De Ridder also commends the class for the way they run the circuit, the stringent safety and measurement tests, etc that ensure the RC44s remain perfectly even. As he observes: “The CEEREF boat is now 11 years old and has been measured God knows how many times… Everyone is on max draft, everyone’s bulbs have been measured and everything has been corrected. You look at the results - you can’t say there is a rocket ship in there.”
Given that it is a 44ft long boat, in a class featuring many of the world’s top sailors, de Ridder adds that the RC44 also represents unprecedented good value for money for aspirant owners (“you can run one for €500k per year). “There are not many places you can spend the money as it is very restricted. Plus it an owner-driven class and between the owners and Bertrand [Favre – RC44 Class Manager], it is quite a healthy system. Bertrand has a good feel for what the owners want and how to achieve it. There is good understanding in the class about how to run it. It is not a big organisation, so there are not many people to deal with.”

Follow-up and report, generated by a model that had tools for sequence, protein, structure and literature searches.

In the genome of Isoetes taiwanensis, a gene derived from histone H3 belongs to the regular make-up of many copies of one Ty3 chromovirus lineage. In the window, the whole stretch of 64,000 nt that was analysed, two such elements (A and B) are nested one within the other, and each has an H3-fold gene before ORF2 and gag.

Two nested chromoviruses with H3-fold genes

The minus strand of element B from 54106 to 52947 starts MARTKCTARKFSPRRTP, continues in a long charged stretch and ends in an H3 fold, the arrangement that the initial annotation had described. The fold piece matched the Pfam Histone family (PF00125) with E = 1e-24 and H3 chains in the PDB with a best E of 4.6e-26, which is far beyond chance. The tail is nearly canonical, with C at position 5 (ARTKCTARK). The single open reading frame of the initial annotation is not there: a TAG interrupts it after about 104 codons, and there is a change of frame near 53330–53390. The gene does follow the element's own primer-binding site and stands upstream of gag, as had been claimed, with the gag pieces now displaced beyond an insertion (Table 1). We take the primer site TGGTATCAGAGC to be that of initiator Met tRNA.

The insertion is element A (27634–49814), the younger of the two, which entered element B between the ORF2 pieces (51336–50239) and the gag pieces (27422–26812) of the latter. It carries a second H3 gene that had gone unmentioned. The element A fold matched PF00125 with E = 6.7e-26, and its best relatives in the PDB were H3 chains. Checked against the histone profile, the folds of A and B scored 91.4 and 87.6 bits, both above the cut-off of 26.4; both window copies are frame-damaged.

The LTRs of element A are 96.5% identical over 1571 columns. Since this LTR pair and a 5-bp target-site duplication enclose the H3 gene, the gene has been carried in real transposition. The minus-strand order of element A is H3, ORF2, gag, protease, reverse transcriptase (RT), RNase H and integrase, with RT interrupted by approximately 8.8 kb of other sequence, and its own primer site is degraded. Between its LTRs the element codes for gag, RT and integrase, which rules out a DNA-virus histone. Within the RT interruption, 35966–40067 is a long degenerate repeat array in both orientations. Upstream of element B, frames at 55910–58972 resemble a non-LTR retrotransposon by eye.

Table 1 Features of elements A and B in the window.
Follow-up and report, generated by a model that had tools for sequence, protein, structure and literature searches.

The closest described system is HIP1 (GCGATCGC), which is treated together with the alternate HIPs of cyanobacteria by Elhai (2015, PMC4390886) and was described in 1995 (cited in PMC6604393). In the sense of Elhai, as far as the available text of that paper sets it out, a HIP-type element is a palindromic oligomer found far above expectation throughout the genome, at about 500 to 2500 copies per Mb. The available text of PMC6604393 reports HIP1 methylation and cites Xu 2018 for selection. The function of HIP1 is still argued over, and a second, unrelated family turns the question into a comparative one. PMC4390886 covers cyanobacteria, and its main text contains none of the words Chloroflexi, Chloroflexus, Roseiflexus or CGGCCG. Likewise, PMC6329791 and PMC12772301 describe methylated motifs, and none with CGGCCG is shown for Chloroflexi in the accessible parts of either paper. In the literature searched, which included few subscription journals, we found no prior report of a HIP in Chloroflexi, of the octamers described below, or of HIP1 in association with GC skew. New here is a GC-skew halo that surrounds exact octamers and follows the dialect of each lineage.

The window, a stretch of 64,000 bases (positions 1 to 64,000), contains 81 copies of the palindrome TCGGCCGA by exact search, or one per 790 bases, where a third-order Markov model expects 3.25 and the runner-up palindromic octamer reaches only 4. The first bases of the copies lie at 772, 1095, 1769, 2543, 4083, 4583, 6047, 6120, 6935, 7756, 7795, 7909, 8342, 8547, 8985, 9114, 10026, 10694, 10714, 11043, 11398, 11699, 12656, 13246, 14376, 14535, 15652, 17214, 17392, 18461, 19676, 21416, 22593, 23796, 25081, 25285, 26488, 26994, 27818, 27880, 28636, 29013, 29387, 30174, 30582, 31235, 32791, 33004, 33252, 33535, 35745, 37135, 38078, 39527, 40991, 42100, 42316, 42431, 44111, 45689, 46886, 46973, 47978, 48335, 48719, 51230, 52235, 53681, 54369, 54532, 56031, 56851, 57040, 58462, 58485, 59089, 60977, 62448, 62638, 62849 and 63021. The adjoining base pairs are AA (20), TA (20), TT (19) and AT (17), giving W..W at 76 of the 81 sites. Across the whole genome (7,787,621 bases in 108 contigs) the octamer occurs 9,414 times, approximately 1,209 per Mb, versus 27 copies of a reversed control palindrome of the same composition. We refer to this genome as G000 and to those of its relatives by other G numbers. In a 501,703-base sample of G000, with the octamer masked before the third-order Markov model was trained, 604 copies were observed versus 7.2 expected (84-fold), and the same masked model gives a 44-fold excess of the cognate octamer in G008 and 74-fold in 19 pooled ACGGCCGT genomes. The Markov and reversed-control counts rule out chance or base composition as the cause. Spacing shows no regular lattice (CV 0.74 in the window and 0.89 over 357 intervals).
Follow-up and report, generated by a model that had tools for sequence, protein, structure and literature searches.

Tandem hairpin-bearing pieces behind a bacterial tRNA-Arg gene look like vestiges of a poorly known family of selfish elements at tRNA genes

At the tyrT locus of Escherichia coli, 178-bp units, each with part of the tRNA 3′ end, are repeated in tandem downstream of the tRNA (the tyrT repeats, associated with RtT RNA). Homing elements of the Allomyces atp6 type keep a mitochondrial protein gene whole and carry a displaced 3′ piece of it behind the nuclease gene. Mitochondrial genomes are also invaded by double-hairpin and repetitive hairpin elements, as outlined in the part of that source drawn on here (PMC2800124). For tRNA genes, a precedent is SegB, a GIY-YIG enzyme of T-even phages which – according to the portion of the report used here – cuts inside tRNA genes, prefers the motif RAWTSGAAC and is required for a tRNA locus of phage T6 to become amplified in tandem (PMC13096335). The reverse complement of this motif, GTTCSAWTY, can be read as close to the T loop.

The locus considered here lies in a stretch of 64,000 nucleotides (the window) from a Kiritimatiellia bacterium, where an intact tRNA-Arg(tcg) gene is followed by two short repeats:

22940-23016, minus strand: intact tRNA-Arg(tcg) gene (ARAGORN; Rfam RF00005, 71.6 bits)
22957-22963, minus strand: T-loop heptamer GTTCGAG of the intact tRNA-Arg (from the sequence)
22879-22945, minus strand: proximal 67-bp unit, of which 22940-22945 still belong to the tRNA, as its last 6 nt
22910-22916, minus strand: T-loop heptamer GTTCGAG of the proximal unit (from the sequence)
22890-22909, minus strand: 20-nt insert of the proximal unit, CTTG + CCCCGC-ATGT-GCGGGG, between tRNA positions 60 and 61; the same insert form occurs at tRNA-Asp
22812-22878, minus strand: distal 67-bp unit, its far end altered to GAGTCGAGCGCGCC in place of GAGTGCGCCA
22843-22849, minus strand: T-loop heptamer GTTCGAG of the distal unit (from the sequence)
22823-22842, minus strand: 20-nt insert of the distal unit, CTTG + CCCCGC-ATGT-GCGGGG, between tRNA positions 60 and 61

As to the circuit itself, de Ridder says his favourite events are the ones where they get to go to new places. For example, while they are yet to be announced, two new venues are being introduced to the RC44 circuit in 2019. “It is really good that we can go to places where we normally don’t get to with keelboats, like Lake Garda or like Lake Traunsee – which was my favourite event. That is where this class is strong. At the end of the day it is the owner’s holiday and we are lucky to have made a job out of it.”